Universal has unveiled a new international trailer for The Mummy, which you can watch above. All of Hollywood has gone shared-universe crazy, and Universal Pictures wants to get in on the action by establishing its own multi-film cross-over uber-world built around its stable of classic monsters. The studio is hoping that this summer’s reboot of The Mummy starring international action hero Tom Cruise will help launch that shared universe in a way that builds enthusiasm for their planned future projects, while Cruise just hopes to have a hit after the disappointing performance of Jack Reacher: Never Go Back.
The Mummy reboot already looks way different than the Mummy/Scorpion King series starring Brendan Fraser and Dwayne Johnson. For one thing, the new movie’s scope has been considerably widened, setting the action not just in the deserts of Egypt but all over the world. For another thing, there’s Tom Cruise.
Early promotional material for The Mummy has promised a large-scale movie that combines classic monster elements with the kind of wild, over-the-top action set-pieces one associates more with Cruise’s Mission: Impossible films than anything inspired by Boris Karloff. A new international trailer for The Mummy has appeared, and it hits most of the same notes that the recent U.S. trailer hit, but with a couple key differences that point to how the movie is being marketed overseas vs. how it’s being sold to domestic audiences.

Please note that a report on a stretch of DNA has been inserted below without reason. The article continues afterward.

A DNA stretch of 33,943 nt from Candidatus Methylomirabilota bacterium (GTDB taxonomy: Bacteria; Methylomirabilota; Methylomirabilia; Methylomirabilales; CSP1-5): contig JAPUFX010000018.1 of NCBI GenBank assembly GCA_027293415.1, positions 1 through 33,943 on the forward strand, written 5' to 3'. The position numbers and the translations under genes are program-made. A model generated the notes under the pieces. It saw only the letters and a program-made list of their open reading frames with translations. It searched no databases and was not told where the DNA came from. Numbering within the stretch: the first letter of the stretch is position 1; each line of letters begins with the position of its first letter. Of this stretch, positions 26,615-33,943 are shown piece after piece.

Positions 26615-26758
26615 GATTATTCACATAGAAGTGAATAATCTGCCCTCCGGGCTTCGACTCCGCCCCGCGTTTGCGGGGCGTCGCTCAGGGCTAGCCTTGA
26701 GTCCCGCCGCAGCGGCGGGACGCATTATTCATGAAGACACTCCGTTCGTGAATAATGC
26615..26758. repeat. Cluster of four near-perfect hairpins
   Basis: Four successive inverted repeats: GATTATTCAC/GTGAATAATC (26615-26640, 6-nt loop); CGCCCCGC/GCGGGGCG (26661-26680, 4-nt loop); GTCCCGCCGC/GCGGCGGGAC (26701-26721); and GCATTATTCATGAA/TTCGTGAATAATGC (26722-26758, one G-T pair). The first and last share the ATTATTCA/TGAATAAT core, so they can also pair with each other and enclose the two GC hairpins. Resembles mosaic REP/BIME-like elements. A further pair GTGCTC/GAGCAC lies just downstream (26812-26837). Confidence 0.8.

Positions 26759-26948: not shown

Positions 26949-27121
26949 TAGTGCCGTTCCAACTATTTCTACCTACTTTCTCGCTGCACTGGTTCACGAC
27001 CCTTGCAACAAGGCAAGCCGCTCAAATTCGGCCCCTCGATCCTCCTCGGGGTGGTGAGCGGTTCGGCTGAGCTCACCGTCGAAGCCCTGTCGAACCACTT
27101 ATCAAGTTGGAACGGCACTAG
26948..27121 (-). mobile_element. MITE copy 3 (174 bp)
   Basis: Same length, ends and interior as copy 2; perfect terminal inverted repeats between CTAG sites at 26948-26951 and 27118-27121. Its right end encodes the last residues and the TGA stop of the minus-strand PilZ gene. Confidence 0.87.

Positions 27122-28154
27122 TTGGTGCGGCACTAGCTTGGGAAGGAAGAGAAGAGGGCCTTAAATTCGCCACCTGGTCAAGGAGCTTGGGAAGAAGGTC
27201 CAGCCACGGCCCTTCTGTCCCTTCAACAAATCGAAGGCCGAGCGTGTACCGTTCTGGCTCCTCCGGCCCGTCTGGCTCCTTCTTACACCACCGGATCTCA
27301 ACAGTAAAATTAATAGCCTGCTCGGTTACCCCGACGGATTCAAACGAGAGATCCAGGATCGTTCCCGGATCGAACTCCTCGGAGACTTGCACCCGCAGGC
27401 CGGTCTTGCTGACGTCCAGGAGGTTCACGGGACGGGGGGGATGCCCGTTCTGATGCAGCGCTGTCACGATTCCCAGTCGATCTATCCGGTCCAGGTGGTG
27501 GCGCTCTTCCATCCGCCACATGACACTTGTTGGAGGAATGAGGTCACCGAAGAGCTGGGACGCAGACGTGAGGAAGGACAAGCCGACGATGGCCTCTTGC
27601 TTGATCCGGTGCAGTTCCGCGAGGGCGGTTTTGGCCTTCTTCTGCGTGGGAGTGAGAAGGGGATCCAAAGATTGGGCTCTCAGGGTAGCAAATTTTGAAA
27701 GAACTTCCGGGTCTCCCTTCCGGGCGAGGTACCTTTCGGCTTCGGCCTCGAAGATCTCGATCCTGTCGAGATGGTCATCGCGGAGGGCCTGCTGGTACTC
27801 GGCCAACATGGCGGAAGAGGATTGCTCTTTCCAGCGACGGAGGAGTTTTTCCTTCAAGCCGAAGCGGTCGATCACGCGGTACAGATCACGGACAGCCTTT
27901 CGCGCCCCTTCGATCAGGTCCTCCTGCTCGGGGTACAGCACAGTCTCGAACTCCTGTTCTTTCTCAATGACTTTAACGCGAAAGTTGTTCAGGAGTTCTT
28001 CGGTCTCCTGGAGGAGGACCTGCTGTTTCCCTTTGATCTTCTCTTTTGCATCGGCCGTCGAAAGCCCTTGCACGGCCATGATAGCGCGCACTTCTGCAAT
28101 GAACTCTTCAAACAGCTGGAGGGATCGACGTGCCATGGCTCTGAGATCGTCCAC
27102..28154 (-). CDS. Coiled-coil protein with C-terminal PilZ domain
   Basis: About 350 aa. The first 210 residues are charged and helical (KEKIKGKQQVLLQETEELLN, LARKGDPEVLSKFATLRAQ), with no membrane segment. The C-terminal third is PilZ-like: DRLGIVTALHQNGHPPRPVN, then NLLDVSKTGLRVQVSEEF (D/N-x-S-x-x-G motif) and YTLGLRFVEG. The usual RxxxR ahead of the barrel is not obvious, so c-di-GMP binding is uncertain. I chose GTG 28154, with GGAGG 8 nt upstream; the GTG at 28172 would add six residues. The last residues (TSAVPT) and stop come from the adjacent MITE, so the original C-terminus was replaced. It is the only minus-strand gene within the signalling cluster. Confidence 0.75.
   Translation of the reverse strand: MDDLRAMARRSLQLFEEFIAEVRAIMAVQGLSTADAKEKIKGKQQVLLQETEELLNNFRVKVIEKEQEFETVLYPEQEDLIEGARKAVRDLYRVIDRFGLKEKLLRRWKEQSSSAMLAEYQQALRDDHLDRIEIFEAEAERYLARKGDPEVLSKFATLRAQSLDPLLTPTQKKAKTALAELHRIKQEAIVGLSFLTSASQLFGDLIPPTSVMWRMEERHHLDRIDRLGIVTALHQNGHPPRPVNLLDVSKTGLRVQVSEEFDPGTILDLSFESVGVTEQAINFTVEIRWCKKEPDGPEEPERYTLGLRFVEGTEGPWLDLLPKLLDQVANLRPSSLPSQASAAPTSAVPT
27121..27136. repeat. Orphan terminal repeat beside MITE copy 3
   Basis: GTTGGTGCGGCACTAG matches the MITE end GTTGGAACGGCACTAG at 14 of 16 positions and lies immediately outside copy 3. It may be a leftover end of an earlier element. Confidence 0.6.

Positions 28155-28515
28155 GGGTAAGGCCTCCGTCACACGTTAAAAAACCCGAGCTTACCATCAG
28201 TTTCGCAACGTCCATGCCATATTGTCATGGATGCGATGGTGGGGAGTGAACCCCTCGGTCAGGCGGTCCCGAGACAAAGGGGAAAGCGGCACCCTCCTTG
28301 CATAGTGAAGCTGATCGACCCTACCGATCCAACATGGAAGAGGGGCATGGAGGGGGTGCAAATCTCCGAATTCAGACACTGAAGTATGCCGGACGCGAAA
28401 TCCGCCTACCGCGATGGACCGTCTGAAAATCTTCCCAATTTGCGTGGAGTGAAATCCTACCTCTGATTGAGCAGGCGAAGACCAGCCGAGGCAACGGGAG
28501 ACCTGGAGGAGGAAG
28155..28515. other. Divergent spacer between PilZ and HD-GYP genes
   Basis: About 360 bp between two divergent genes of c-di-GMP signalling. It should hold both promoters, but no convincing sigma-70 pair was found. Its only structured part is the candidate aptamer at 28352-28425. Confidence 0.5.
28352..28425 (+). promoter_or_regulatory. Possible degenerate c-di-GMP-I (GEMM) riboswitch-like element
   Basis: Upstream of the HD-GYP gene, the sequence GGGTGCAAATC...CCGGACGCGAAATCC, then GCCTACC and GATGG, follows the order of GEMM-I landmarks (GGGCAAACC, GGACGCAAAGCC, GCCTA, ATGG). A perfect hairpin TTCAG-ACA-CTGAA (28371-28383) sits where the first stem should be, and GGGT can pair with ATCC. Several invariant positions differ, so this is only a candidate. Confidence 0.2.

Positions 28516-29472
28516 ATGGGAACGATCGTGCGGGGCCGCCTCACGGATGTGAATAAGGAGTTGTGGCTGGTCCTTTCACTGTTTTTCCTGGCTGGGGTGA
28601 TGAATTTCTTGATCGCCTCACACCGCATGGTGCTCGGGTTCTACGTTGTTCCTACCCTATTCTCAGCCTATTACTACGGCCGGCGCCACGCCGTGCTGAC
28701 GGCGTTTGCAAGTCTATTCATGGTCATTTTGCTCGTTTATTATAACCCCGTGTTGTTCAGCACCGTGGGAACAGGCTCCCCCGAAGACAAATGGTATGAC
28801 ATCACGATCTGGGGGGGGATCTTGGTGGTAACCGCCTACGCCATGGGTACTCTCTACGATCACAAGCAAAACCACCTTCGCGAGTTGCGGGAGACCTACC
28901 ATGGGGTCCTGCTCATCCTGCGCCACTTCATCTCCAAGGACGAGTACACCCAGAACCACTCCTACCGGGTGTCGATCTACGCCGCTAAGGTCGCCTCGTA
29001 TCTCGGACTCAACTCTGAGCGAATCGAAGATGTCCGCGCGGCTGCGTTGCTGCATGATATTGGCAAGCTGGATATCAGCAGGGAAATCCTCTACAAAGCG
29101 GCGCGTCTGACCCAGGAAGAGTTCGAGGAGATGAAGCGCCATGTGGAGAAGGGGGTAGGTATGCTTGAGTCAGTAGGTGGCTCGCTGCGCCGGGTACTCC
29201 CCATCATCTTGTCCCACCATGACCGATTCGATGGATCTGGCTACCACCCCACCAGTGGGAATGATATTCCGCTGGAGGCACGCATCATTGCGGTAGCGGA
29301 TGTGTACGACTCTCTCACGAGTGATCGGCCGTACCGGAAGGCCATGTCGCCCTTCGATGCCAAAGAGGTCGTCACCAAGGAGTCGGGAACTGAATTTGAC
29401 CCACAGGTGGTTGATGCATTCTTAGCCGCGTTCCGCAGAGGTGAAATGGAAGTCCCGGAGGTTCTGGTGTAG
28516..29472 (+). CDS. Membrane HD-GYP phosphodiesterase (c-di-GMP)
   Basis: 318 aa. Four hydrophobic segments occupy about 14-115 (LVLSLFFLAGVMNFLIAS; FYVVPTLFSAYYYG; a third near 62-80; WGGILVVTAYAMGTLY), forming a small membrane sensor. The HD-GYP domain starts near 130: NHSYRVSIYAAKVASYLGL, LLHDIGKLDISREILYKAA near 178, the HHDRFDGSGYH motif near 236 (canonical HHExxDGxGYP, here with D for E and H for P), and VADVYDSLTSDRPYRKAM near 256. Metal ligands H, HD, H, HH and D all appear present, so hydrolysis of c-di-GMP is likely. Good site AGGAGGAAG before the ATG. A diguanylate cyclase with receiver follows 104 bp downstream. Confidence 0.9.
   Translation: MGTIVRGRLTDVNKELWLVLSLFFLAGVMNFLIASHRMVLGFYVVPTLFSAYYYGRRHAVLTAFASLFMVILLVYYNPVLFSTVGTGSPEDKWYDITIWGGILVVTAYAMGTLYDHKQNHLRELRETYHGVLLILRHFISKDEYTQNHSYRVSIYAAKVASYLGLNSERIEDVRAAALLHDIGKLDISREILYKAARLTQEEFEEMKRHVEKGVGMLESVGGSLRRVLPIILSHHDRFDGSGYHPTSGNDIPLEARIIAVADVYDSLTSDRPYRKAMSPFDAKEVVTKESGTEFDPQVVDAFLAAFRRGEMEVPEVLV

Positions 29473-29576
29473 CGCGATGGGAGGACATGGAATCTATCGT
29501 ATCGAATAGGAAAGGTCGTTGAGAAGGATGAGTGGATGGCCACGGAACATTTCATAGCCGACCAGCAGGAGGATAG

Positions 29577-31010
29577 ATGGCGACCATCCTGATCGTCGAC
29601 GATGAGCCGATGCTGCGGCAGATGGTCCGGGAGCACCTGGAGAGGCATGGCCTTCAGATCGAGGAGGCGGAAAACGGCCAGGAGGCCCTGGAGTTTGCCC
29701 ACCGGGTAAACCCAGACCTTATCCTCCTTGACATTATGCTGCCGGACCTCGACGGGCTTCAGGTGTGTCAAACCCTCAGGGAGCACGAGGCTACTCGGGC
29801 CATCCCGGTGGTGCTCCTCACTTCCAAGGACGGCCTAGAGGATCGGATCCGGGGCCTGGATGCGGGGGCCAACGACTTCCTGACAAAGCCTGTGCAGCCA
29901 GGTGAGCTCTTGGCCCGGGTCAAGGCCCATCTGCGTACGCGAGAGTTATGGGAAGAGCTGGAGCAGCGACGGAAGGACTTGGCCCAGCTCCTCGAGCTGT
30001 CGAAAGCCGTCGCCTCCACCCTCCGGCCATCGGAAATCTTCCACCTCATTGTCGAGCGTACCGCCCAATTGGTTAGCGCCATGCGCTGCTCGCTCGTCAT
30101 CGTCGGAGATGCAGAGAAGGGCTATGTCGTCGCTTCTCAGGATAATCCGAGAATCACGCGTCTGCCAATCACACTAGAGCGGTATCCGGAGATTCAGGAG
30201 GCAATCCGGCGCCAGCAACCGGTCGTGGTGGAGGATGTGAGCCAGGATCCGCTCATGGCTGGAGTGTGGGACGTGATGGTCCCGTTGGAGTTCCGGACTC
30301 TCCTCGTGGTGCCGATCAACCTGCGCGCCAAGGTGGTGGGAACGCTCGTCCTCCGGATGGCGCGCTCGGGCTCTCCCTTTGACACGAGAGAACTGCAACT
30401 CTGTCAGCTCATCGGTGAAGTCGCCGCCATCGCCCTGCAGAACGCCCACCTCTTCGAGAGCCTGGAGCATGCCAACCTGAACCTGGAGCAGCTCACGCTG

The first thing one notices about the international trailer is that it’s slightly less frenetic than the U.S. one, with more build-up in the early stages and more emphasis on the sidekick character played by Jake Johnson. Both trailers hit the same key plot points: Tom Cruise and his friends find a mysterious tomb; Cruise ill-advisedly breaks a rope that unleashes whatever is inside the tomb; Cruise dies but is resurrected; Russell Crowe shows up to fill in the backstory (a role he should be comfortable with after Man of Steel); the ancient evil embodied by Sofia Boutella goes rampaging through London.
Another difference with the international trailer is how the Rolling Stones song “Paint It Black” is employed. In the U.S. trailer the song kicks in early and is spread over the whole thing, but in the international trailer there’s more traditional-sounding score music until the song finally appears during the shot of Tom Cruise waking up on the slab and breaking out of the body bag. The international trailer also puts more emphasis on humor, showing more banter between Cruise and Johnson and also putting a little punchline at the end when Cruise tells Annabelle Wallis he only gave her the parachute in the now-famous airplane sequence cause he thought there was another one. In the U.S. trailer, instead of that humorous line, we see a dramatic scene of Cruise and Wallis submerged up to their necks in water when Boutella suddenly appears behind them.
Universal appears to have decided that, for international audiences, they should emphasize humor and downplay horror, while not playing wall-to-wall Rolling Stones. U.S. audiences are being prepared for a less-funny, more-scary movie with a pop music soundtrack a la Suicide Squad. And all audiences are being asked to strap in because Tom Cruise is about to go to war with something unbelievably powerful that is trying to remake the earth after the image of its own world (a plan General Zod would be proud of).
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